Mamata Banerjee will not be there, M Karunanidhi has cried off, but A Raja might just be present at a dinner being hosted by Prime Minister Manmohan Singh to mark the United Progressive Alliance (UPA) government's three years in office tonight. The Trinamool Congress chief has not bothered to make a strong excuse for her absence, but the DMK's M Karunanidhi has said he is too ill to attend, but all his MPs in Delhi will be there. Mr Raja, just out of jail on 2G scam charges, is one of them.
This effectively means that the heads of the Congress' two biggest allies in the UPA will be missing at the PM's dinner.
Ms Banerjee's decision to stay away comes at a time when there is growing uneasiness between her party and the Congress. She recently celebrated her own one year as West Bengal CM and is unhappy that she could not coerce the Centre into allowing a moratorium on payment of interest on loans worth crores to her state, which is in deep financial crisis. PTI quoted Railway Minister and Mamata aide Mukul Roy as saying that though a "personal invitation" had been sent to Ms Banerjee for dinner tonight, she would not attend because of her "pre-occupation" in the state.
The 87-year-old Mr Karunanidhi cited poor health for staying away, but his son and UPA's Minister for Chemicals and Fertilisers, MK Alagiri, too will not attend the dinner party. "I am on a diet," he quipped. But Mr Alagiri said he gave the government his party partners at the Centre a 100 per cent on performance.
Both the DMK and the Trinamool have said they will be represented.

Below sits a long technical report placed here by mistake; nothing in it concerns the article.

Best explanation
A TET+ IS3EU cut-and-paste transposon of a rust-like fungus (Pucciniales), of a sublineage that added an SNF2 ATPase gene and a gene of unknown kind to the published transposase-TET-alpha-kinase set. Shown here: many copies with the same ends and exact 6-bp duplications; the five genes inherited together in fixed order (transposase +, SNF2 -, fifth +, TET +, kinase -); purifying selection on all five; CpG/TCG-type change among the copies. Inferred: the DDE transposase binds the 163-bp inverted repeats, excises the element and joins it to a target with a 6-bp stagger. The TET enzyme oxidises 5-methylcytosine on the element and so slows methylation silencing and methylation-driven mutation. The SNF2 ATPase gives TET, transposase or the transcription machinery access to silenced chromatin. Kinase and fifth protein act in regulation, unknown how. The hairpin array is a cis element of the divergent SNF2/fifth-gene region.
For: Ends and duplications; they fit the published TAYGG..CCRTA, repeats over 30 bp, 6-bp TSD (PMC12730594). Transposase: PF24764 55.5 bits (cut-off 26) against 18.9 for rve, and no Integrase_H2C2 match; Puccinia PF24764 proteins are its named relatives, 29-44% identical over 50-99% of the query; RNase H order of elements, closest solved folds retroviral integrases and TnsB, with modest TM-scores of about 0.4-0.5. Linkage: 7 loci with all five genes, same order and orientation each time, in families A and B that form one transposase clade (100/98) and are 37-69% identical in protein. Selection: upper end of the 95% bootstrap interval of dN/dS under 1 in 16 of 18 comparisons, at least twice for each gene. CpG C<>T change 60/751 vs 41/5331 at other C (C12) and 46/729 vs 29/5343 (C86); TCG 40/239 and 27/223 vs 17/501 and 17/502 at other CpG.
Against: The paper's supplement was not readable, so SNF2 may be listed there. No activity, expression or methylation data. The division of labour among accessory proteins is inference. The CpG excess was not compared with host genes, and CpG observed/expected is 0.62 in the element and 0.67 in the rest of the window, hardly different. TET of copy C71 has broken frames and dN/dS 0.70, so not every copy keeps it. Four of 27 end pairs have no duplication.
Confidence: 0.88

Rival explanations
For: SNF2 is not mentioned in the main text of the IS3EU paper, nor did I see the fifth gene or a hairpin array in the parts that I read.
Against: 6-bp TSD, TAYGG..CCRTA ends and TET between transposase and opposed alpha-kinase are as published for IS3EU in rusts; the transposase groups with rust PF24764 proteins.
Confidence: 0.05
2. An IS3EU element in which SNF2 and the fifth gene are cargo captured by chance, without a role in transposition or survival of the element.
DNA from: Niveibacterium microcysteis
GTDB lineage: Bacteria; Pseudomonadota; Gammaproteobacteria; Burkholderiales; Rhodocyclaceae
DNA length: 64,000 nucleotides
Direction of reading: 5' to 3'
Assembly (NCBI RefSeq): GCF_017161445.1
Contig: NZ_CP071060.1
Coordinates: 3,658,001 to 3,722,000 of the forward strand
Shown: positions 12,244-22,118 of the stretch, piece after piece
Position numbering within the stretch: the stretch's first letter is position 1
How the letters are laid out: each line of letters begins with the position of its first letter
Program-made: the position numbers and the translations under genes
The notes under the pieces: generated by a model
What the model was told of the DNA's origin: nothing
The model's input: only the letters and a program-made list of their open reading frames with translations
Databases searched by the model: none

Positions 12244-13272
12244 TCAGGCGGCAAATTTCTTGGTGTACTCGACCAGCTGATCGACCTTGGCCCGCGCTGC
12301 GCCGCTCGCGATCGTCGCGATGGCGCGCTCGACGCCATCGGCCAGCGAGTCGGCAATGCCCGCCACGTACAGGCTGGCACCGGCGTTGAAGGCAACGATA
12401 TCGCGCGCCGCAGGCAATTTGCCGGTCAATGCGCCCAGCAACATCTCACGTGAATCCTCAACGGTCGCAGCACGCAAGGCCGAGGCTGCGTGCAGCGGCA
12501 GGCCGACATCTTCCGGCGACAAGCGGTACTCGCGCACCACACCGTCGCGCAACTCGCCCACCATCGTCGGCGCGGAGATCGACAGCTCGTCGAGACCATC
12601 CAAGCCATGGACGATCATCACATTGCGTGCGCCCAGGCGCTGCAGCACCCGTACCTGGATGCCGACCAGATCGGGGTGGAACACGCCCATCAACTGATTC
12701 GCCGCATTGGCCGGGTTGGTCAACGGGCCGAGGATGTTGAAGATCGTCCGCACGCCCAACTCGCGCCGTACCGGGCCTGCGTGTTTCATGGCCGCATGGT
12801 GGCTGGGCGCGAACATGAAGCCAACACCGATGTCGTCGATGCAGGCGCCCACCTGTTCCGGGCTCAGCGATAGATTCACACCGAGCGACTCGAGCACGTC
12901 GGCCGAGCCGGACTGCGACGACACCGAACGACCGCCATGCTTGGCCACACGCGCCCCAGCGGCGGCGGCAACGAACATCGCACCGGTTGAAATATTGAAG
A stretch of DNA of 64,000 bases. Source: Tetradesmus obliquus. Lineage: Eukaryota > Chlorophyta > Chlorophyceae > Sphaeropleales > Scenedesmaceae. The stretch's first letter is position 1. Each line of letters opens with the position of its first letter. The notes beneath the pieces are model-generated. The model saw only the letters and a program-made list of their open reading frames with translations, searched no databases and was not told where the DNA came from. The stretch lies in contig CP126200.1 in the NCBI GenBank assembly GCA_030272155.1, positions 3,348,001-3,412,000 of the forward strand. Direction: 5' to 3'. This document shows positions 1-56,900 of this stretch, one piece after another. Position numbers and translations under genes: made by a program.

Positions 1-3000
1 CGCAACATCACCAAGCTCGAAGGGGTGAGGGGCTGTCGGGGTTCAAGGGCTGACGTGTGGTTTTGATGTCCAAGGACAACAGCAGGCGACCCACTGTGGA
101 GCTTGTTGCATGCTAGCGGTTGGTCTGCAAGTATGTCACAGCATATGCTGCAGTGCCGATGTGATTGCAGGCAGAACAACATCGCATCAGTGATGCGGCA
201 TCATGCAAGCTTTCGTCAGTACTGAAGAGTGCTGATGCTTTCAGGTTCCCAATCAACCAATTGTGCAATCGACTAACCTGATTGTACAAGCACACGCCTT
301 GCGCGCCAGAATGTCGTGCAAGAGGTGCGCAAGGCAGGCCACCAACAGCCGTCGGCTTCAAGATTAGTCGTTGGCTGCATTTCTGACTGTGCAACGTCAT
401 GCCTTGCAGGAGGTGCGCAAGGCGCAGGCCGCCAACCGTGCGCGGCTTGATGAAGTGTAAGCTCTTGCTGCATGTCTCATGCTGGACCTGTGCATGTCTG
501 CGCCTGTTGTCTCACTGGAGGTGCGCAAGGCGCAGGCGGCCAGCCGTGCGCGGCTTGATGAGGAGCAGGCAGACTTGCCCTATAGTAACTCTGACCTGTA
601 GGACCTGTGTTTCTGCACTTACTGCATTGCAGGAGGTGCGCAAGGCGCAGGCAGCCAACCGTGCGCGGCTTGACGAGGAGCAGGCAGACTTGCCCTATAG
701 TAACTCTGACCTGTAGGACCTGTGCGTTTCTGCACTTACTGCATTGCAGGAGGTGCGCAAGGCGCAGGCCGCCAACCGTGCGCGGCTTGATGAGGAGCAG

Another leader who might stay away despite being invited is the BSP's Mayawati. Asked if she was going the former UP chief minister, on whom the UPA counts for issue based support to make up numbers in Parliament, said she had been too busy to read the invitation letter. "After reading the letter I would be able to decide anything", she said with a smile.
This evening, the government will also release a report card on its performance before it sits down to the celebratory dinner.
Not that the mood is particularly festive. The government is grappling with runaway prices, a plunging rupee and a growth slowdown. It is under constant attack from the opposition which has accused it of a lack of leadership and policy paralysis. It has been afforded the opportunity to make that last accusation largely because of allies like Mamata Banerjee who has brandished her numbers in the coalition time and again to scuttle important policy decisions and key economic legislations like Foreign Direct Investment (FDI) in retail.
Those coalition compulsions have made it a tough year for the Congress-led UPA, which had a far smoother run in its first term, despite the uneasy partnership and eventual fallout with the Left parties. In that term, the Manmohan Singh government had pushed decisions regardless of pressures.